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Epson PowerLite Pro Cinema 7500UB Review Chandler AZ

This 1080p projector uses Epson’s D7 C2Fine TFT LCD chipset with UltraBlack technology, two high-end video processing chips (the Silicon Optix Reon VX and Pixelworks 390) and a new auto iris. It also adds an Anamorphic Wide aspect ratio, for use with an optional anamorphic lens attachment, and a 120Hz mode that employs frame interpolation to produce smoother motion with 24p film sources.

Imagine Audio Video
(480) 497-6734
Ste 6 3155 N. Nevada
Chandler, AZ
 
Magnolia Home Theater
(480) 792-1680
3100 W FRYE RD
Chandler, AZ
 
Audio Express
(480) 961-0962
6145 W. Chandler Blvd.
Chandler, AZ
 
Pacific Sales
(480) 403-4739
860 North 54th Street
Chandler, AZ
 
Audio Video Authority
(480) 926-2477
PO Box 1492
Gilbert, AZ
 
Direct Car Audio
(480) 899-4719
405 N. Arizona Ave.
Chandler, AZ
 
The Great Indoors #1913
(480) 792-6015
3460 W. Chandler Blvd.
Chandler, AZ
 
Audio Video Authority
(480) 926-2477
2348 E. Stottler Drive
Gilbert, AZ
 
Components Electronic Systems
(480) 361-9500
1528 W San Pedro Ste 3 Components Electronic Systems
Gilbert, AZ
 
L&M Home Entertainment
(480) 403-0011
1231 West Warner Rd Suite 101
Tempe, AZ
 

Epson PowerLite Pro Cinema 7500UB Review

Provided By:

October 12, 2009 By Adrienne Maxwell

Going Pro

There’s a new top pick in Epson’s already-crowded 3LCD projector line.

The Pro Cinema 7500UB utilizes the company’s most advanced imaging technologies and has its most thorough assortment of features, yet it carries a price tag of just $4,199.
Epson PowerLite Pro Cinema 7500UB Review

This 1080p projector uses Epson’s D7 C2Fine TFT LCD chipset with UltraBlack technology, two high-end video processing chips (the Silicon Optix Reon VX and Pixelworks 390) and a new auto iris. It also adds an Anamorphic Wide aspect ratio, for use with an optional anamorphic lens attachment, and a 120Hz mode that employs frame interpolation to produce smoother motion with 24p film sources.

Physical setup takes just seconds, thanks to a host of convenient features: 2.1x manual zoom, 100 percent vertical and 50 percent horizontal lens shift (via manual dials), adjustable feet and an onscreen test pattern to aid with sizing and focus. The remote is fully backlit and sports dedicated input buttons and direct access to the most commonly used picture controls.

Speaking of which, this model has the full complement of image adjustments we’ve come to expect from Epson, with a few new perks. The custom installer will find just about every control he or she needs to calibrate the image, including RGB offset and gain, advanced gamma and precise color management of all six color points. New this year are a contrast enhancement feature; a faster, quieter auto iris with normal, high speed and off modes (previous models had just on/off settings); and color isolation options (green, red, and blue) to aid in color and tint setup.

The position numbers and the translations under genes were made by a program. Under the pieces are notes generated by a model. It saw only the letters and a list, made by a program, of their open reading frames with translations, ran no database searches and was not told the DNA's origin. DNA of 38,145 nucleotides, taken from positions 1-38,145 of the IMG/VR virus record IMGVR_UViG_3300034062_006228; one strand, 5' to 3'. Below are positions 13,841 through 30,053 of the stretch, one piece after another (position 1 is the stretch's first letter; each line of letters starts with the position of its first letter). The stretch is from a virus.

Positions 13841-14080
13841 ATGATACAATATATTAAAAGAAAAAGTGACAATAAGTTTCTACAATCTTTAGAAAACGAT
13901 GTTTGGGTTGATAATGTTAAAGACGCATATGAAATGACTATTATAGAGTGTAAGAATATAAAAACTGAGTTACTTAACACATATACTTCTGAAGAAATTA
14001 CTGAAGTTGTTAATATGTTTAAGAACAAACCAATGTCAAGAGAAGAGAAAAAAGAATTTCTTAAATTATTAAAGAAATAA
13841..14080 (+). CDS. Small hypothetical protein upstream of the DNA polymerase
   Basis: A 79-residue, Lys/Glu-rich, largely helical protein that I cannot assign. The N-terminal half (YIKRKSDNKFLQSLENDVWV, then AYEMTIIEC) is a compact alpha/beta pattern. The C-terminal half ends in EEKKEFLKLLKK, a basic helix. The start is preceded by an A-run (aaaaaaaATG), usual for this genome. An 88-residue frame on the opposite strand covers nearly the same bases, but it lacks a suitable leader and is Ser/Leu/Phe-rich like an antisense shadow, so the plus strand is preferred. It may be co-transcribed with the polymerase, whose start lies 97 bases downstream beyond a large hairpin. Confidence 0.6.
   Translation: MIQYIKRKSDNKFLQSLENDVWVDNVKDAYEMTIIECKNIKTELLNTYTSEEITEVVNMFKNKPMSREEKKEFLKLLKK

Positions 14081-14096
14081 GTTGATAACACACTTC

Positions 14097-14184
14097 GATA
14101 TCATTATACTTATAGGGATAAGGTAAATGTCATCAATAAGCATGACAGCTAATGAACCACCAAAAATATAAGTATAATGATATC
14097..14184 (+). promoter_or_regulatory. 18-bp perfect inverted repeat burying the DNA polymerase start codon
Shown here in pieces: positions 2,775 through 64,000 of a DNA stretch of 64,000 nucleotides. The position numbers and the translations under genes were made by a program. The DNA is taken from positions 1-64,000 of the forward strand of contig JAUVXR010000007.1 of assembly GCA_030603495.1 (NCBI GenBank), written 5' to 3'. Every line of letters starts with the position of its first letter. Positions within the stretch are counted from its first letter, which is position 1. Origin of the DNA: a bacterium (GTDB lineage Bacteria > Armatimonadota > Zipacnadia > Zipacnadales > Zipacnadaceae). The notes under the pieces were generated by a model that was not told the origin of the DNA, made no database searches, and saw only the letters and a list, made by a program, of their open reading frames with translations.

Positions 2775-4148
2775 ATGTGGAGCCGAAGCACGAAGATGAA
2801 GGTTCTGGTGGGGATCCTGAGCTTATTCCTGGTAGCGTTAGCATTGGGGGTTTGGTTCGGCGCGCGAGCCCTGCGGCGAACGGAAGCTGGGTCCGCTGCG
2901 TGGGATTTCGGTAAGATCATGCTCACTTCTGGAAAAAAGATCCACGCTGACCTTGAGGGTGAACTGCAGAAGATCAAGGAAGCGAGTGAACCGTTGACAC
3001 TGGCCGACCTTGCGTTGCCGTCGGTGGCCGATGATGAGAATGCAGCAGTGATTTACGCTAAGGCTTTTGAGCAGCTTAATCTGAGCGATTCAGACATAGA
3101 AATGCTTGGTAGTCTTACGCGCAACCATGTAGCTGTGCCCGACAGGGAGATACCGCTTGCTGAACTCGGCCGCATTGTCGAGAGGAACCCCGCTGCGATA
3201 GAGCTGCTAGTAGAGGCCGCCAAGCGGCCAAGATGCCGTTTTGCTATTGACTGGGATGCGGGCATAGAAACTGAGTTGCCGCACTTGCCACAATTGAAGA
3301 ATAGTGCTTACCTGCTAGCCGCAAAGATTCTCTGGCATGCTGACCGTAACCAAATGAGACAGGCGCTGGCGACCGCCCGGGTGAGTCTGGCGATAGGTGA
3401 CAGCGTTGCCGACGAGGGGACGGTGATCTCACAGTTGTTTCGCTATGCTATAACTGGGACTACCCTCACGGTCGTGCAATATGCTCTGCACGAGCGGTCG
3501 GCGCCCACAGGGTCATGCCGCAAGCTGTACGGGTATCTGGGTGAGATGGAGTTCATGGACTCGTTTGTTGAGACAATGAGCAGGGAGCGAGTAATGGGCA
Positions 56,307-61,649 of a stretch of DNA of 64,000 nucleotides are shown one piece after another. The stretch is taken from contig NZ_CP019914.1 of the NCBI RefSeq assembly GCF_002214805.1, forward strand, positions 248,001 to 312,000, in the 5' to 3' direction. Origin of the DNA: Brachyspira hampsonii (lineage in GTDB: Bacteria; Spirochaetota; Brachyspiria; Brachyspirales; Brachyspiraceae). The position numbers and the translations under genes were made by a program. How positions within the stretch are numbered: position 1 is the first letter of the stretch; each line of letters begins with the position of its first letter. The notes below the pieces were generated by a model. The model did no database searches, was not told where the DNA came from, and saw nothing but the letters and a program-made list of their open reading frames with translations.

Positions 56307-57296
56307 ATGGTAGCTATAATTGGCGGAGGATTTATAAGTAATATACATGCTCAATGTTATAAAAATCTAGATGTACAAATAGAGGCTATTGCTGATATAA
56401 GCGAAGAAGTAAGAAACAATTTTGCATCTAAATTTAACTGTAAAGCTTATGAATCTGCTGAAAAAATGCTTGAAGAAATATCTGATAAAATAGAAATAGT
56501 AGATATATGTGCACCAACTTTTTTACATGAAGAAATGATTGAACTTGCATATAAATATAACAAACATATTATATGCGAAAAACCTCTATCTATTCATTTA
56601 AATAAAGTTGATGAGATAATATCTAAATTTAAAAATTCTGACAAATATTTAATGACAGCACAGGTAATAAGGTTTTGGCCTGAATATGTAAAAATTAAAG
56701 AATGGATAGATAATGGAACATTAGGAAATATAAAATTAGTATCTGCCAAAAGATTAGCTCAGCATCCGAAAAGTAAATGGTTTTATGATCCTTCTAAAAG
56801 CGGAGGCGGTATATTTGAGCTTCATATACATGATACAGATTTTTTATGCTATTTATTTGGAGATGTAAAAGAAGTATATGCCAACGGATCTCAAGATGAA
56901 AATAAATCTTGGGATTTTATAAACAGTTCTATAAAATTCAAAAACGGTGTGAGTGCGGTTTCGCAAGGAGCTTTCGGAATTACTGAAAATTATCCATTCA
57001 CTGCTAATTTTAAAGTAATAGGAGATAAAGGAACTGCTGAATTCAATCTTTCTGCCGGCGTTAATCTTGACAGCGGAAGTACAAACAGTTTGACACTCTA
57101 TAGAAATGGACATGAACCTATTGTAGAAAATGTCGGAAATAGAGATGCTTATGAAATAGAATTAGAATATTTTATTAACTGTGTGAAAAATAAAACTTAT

The 7500UB introduces some new picture modes for Epson, including Cinema Day and Night, an HD mode that’s “close to professional-use broadcast monitors” and a Silver Screen mode that “emphasizes rich colors, like those seen in movies at the theater.” I went with the HD mode for TV viewing and the Silver Screen mode for Blu-ray/DVD playback. In both cases, with only minor adjustments to the picture controls, the results were quite impressive.

Epson has accomplished the difficult task of simultaneously improving light output and black level, compared with previous models. The result is an image with excellent contrast. The numbers may not be quite as good as those of the best higher-end projectors, but the 7500UB’s performance is certainly competitive. Blacks look black, and the image has excellent depth and dimension in a dark room. On my 75-inch-diagonal screen, the 7500UB had ample light output to breathe life into bright scenes, even in a room with some ambient light.

Blu-ray demo scenes from Kingdom of Heaven, Casino Royale and The Pirates of the Caribbean: The Curse of the Black Pearl looked excellent. Colors were rich but natural, and the overall color temperature stayed fairly even across the board, producing neutral whites, blacks and skintones. With some fine-tuning of the gamma control, the projector did a good job renderin...

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